The prevailing opinion among readers was that I should return the vest, and lots of compelling arguments were presented. Some reasons for returning the vest were mentioned by more than one commenter, but I’ve distilled the main points in the bullets below.
- “Puffer vests add weight around the torso and make most people look bigger, even if it’s a slimline vest. If you wear a coat or jacket over the vest, the effect will be even bulkier.”
- “If it’s cold enough to wear a puffer, then your arms will be colder than your body, even with a long-sleeved top. If your arms are warm enough in just a top, then why do you need the puffer?”
- “The vest is a specialty item that may not be in regular wardrobe rotation. If you’d rather the items you own be in regular rotation, return it.”
- “I think you answered your question in the text when you mentioned your style guideposts of dramatic, polished, and elegant. It seems that you feel that a puffer vest, by its very nature, is never going to meet your style guidelines.”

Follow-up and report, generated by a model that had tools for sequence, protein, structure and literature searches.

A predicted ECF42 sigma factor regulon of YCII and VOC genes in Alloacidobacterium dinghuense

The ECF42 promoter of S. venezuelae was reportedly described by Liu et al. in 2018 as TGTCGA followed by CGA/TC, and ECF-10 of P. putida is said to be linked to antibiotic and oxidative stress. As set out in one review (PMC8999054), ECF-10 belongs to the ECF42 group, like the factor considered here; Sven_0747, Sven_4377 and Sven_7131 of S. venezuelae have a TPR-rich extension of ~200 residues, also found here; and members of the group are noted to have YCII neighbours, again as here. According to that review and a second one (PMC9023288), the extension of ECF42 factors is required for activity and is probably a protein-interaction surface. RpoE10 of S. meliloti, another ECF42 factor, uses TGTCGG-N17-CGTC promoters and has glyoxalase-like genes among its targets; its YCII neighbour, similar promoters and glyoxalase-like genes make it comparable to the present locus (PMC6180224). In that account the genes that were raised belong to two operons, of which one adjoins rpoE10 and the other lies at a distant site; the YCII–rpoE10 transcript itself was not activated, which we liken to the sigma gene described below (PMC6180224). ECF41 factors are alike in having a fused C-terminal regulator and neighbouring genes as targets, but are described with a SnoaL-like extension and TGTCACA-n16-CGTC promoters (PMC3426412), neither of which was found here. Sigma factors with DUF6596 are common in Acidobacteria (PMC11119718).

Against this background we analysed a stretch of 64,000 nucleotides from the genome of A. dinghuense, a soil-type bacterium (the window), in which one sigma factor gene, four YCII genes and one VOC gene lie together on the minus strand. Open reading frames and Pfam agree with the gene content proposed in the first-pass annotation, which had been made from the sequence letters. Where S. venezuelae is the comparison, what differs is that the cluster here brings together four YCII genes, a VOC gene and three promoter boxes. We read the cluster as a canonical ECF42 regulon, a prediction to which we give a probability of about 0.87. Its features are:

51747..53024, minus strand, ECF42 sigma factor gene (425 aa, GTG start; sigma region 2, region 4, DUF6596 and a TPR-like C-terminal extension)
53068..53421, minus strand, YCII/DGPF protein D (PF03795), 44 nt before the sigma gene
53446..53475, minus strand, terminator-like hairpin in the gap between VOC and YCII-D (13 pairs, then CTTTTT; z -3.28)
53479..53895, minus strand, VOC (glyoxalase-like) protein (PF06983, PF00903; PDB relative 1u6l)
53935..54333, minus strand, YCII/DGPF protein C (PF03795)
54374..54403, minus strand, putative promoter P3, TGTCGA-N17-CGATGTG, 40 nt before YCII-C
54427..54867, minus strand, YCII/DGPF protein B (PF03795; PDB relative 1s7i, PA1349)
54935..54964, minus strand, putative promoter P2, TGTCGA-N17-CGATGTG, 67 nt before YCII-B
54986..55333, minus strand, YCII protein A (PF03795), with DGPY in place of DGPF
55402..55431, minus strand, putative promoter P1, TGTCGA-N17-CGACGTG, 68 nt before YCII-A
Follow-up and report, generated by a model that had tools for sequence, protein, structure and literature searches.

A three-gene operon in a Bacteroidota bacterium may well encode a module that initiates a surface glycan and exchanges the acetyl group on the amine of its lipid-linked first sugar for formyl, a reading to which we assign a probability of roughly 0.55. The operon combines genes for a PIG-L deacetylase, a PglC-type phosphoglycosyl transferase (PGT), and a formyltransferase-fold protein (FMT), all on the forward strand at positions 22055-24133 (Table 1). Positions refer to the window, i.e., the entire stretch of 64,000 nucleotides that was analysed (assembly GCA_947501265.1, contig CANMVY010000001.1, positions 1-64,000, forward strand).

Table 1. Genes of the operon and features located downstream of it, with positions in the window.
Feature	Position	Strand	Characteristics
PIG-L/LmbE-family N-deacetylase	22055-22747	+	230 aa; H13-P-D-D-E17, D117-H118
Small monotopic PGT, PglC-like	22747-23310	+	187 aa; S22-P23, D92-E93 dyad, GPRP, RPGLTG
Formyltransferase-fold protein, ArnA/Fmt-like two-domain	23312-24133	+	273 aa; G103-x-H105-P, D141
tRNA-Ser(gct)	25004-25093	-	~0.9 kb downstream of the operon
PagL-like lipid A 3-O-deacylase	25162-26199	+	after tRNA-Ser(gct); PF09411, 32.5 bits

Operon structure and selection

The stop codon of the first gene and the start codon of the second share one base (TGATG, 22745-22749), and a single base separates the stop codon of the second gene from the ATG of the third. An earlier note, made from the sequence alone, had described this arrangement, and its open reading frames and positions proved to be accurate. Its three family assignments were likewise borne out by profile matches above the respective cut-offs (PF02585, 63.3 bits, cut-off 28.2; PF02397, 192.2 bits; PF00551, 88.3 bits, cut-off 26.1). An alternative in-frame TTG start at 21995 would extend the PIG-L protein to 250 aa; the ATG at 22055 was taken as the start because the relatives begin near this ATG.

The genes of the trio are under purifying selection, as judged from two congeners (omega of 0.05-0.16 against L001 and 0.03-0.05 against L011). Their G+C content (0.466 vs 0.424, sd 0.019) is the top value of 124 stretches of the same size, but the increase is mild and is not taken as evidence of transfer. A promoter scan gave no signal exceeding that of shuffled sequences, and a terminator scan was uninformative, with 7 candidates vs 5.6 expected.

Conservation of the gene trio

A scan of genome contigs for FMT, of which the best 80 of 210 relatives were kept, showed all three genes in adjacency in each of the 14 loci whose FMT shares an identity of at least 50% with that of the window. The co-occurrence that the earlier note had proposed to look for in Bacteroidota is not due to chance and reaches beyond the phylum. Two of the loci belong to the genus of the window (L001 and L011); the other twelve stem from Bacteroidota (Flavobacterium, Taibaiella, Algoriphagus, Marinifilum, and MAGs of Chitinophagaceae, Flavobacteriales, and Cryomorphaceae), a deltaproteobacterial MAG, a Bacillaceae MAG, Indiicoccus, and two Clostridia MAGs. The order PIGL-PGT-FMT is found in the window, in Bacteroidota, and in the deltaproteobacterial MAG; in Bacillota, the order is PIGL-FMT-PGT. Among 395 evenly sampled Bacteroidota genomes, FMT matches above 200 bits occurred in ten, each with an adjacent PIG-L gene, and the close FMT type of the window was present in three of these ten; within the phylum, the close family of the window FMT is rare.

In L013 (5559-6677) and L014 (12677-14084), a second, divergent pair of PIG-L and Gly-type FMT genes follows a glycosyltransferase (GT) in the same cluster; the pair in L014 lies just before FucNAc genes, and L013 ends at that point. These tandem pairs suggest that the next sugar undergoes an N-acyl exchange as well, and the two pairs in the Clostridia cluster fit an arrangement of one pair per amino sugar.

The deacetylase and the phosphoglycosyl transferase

- “That is probably the best puffer you will ever get and ticks all the boxes, but maybe it’s for the fantasy you. I know lots of people love to layer, but I’ve realized I’m not one of them. Sometimes clothes are great for someone else but not for your life.”
- “The only arguments you seem to give for keeping the vest relate to fear: fear of missing out (FOMO) or fear of regret.”
- “After reading this piece, I agree with your conclusion that you are maybe ‘not a puffer vest person’. Besides, as you point out, you already have enough more suitable vests that better suit your climate, lifestyle, and style criteria. So, I conclude that you should return the puffer vest.”
- “Return it. It’s one of those ‘good in theory’ items that doesn’t work for your actual life. It’s not an ‘ideal/fantasy life’ piece for me, but it sounds like it fills that category for you…you can let it go.”
- “The most telling part is the fact that it’s been weeks and you haven’t worn the vest. Normally we would be excited to wear our new pieces, unless we are buying pre- or post-season.”